Adam Silver interrogated about China by U.S. Senator in angry letter
A U.S. Senator is looking for answers from NBA Commissioner Adam Silver regarding the league’s relationship with its longtime partner, China.
Sen. Marsha Blackburn (R-Tenn.) expressed “concern” over how the NBA has dealt with a country known for its Communist regime, one that violates plenty of democratic views.
In the two-page letter obtained by Sports Illustrated, Blackburn doesn’t as much ask but rather demand answers from Silver, even giving the commissioner a July 21 deadline to respond. The questions are as follows:
1. What are the anticipated financial consequences of China Central Television’s (CCTV) continued ban on the airing of NBA games?
2. Please outline the scope of the NBA’s relationship with Chinese state-owned enterprise Alibaba.
3. The NBA reportedly continues to operate a training center Xinjiang, one of the world’s worst humanitarian zones. What steps is the NBA taking to shutter this location?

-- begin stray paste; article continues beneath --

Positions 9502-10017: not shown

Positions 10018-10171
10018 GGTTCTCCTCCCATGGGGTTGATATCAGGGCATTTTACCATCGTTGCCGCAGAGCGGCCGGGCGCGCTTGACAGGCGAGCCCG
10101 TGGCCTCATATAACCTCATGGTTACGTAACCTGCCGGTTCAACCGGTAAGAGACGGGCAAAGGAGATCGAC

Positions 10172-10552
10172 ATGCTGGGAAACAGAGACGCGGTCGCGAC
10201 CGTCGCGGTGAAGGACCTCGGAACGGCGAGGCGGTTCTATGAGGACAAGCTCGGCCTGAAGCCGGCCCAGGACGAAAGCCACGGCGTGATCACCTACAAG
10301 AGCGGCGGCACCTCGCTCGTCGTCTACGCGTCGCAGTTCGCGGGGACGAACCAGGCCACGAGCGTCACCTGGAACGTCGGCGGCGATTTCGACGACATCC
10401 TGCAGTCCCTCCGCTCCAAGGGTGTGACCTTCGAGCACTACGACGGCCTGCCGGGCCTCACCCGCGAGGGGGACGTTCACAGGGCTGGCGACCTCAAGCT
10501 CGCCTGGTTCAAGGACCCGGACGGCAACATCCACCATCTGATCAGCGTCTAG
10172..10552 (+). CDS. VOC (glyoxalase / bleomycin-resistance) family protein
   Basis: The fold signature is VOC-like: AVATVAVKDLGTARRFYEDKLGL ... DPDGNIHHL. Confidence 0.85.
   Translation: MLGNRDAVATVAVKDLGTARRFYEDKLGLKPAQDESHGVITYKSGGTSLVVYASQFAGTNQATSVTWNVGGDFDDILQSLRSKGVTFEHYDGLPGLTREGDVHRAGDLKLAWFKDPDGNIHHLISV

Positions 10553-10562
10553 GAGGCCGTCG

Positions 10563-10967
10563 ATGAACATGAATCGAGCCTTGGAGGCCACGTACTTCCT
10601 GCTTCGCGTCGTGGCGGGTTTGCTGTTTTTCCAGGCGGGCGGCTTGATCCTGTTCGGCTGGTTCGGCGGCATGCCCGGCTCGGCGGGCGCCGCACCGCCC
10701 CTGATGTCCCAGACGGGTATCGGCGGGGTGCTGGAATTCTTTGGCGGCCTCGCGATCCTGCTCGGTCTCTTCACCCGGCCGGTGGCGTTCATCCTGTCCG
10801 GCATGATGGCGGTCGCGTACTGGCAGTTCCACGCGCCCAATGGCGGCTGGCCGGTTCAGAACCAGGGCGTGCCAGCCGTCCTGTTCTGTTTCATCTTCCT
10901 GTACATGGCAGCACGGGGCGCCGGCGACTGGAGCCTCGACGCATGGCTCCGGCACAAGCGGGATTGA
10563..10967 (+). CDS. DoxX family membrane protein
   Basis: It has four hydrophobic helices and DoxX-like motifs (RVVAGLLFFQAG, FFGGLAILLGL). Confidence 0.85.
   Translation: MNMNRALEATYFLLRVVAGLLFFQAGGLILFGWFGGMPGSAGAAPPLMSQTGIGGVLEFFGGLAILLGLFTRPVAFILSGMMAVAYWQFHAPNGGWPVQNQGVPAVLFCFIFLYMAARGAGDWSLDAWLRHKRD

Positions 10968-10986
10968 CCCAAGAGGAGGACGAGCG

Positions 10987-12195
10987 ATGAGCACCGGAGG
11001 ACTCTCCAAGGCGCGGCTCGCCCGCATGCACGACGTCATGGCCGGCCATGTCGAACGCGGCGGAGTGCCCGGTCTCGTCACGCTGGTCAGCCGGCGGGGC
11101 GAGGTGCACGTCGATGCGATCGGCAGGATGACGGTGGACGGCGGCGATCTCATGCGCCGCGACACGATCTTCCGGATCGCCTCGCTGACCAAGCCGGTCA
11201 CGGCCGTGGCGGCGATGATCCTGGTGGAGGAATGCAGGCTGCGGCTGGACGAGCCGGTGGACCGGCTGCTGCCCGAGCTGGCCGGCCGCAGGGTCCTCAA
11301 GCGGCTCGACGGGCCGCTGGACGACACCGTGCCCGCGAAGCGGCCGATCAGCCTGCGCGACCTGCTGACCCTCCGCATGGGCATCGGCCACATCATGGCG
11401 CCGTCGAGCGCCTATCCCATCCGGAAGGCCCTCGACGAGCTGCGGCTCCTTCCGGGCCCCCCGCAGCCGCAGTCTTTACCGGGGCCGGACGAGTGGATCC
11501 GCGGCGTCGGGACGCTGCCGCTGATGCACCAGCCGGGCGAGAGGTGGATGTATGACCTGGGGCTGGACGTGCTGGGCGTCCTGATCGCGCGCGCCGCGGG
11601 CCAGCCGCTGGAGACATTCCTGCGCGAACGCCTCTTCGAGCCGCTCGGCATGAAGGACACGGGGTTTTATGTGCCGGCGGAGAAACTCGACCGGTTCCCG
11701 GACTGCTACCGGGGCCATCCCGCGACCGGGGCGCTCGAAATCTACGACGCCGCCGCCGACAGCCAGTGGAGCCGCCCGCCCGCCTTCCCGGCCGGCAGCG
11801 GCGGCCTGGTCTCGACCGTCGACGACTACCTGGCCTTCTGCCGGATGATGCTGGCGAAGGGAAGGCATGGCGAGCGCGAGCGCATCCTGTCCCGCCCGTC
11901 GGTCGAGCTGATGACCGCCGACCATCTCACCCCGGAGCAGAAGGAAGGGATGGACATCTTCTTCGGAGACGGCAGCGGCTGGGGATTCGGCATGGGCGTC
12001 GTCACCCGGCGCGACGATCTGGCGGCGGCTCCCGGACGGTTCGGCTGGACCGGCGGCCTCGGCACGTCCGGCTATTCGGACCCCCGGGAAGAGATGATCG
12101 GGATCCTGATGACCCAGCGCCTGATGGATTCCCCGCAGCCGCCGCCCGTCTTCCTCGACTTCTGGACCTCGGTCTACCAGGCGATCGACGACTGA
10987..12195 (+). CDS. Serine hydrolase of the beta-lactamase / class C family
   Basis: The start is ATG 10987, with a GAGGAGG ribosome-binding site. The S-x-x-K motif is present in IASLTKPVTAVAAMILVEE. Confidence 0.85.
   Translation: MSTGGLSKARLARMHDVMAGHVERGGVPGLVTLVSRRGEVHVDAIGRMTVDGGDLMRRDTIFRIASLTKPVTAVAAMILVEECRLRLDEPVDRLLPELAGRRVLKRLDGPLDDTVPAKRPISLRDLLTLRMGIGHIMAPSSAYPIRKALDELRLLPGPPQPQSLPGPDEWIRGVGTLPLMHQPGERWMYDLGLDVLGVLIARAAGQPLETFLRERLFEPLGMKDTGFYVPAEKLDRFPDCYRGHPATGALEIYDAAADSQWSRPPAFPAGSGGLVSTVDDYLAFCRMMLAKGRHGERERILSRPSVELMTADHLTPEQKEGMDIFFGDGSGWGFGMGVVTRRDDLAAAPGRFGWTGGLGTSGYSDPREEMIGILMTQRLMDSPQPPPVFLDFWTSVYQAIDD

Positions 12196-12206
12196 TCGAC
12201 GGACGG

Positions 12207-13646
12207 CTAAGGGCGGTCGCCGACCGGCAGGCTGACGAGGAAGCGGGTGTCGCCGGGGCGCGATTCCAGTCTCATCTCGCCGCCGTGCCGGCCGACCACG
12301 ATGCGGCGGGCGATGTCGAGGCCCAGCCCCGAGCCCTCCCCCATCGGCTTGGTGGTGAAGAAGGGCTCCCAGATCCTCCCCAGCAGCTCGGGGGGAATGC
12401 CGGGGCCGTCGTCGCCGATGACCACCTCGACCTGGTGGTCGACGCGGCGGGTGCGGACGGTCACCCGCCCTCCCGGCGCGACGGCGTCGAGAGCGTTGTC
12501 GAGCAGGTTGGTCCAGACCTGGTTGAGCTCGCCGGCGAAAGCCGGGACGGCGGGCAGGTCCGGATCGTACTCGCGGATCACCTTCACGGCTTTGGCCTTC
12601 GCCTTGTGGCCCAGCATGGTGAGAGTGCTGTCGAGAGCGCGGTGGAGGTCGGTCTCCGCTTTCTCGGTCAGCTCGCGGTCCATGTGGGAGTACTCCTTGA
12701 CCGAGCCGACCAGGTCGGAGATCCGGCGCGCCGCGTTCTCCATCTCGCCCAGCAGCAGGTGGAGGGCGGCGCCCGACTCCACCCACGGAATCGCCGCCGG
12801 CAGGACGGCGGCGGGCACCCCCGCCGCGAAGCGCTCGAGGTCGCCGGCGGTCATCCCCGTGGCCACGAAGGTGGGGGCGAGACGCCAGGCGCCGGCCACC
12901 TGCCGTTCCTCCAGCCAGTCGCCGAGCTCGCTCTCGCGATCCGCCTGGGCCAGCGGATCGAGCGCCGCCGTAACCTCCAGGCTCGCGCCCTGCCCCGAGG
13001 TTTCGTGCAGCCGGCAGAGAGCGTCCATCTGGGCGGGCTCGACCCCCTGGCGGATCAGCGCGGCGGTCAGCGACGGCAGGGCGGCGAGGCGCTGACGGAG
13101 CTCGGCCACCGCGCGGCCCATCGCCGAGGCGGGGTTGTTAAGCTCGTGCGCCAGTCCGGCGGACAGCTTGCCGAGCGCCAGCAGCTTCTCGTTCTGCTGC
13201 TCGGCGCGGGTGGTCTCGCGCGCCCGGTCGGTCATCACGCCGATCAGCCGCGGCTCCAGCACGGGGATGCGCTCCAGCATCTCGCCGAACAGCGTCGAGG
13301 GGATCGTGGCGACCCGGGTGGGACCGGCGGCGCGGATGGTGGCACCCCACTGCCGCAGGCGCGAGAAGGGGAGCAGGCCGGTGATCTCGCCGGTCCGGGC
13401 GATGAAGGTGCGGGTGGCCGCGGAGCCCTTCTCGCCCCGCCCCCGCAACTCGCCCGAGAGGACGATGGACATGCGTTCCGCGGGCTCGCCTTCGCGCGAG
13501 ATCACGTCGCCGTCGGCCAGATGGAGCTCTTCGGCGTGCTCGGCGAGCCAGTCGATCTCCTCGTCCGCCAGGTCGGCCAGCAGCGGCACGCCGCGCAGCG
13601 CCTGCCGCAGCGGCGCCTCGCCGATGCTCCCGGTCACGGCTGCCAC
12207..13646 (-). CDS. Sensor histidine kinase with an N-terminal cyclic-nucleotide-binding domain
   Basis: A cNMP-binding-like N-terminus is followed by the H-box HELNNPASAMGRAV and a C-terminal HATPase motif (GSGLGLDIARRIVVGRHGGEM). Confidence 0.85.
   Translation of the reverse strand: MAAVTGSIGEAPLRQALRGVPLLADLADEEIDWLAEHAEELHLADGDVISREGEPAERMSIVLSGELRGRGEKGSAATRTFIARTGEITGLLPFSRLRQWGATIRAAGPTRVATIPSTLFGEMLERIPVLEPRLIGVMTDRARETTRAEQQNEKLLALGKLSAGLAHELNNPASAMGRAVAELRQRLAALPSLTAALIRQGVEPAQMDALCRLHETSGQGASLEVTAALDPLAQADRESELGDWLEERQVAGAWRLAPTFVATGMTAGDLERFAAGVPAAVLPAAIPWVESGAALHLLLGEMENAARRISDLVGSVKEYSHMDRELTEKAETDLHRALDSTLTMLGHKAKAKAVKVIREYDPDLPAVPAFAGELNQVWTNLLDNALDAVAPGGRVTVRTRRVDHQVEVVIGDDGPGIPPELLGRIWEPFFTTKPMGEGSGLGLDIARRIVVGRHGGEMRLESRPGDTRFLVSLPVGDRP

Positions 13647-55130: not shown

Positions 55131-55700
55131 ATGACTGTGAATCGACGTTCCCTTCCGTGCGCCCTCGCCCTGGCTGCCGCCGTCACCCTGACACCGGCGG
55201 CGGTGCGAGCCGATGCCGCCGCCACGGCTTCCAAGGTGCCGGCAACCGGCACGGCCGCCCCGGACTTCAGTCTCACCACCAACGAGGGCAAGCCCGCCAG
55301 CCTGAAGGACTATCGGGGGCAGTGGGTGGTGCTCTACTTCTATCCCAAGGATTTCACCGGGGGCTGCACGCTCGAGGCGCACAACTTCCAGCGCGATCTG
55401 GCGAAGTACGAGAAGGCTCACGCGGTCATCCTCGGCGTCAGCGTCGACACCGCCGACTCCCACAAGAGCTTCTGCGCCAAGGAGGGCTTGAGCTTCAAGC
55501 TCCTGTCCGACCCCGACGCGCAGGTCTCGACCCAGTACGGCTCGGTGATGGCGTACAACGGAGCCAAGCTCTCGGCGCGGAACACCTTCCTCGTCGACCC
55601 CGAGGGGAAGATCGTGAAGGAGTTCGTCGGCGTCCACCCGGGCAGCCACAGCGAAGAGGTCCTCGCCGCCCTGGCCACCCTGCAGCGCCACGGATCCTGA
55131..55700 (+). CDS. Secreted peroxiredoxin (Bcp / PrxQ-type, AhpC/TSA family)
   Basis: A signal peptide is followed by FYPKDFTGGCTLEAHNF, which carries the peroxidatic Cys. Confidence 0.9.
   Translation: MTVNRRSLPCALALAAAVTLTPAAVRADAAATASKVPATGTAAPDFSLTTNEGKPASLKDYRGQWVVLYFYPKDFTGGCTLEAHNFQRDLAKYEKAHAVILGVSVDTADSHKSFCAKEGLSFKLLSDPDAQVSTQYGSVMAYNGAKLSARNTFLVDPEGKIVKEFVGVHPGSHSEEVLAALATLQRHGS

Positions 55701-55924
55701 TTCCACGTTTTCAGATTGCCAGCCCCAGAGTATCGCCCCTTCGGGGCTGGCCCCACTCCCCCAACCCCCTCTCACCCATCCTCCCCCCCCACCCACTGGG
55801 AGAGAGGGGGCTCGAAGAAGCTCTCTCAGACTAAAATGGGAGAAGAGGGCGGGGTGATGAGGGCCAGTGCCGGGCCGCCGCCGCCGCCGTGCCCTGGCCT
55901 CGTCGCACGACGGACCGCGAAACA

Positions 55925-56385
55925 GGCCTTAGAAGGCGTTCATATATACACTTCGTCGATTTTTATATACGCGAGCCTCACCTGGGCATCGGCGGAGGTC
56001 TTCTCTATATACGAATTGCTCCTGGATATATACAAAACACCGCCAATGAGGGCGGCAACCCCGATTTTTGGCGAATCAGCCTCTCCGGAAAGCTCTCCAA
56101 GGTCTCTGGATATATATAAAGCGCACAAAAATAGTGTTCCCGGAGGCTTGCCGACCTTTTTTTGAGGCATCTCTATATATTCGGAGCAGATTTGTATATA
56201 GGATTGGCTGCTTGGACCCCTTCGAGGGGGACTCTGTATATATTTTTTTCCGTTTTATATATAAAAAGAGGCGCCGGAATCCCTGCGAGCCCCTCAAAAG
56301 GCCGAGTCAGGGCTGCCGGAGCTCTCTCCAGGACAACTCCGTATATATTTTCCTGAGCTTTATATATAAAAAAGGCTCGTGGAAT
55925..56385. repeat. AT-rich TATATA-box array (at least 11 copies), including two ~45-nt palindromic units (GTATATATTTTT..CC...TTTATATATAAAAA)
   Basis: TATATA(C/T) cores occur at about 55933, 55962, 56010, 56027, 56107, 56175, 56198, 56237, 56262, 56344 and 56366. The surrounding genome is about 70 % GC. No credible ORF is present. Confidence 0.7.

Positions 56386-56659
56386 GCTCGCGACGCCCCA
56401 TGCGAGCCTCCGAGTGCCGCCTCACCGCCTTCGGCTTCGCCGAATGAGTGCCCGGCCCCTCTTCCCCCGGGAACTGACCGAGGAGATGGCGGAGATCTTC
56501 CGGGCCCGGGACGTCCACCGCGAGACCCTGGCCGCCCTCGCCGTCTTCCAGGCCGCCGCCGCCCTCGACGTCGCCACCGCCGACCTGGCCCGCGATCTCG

Silver recently spoke with Sean Gregory of TIME Magazine, touching on a number of different subjects, including the league’s relationship with China.
The commissioner admitted it’s not the best, but that the NBA has made efforts to repair a relationship that saw its rifts in October 2019 after Houston Rockets general manager Daryl Morey professed his support by those oppressed in Hong Kong by tweeting “stand with Hong Kong.”
The since-deleted tweet was met with an irate Chinese government and resulted in sponsors pulling out of the NBA’s schedule exhibition games in Shanghai and Shenzhen.
Silver estimated losses were “less than $400 million,” but the NBA could be in dire straits when those losses are coupled with the lost revenue stemming from the coronavirus pandemic.
Nevertheless, it seems outrageous for a U.S. Senator to demand answers in such fashion without Silver being under oath to do so. The NBA is under no obligation to respond, though Silver most likely will at some point to keep heads at peace.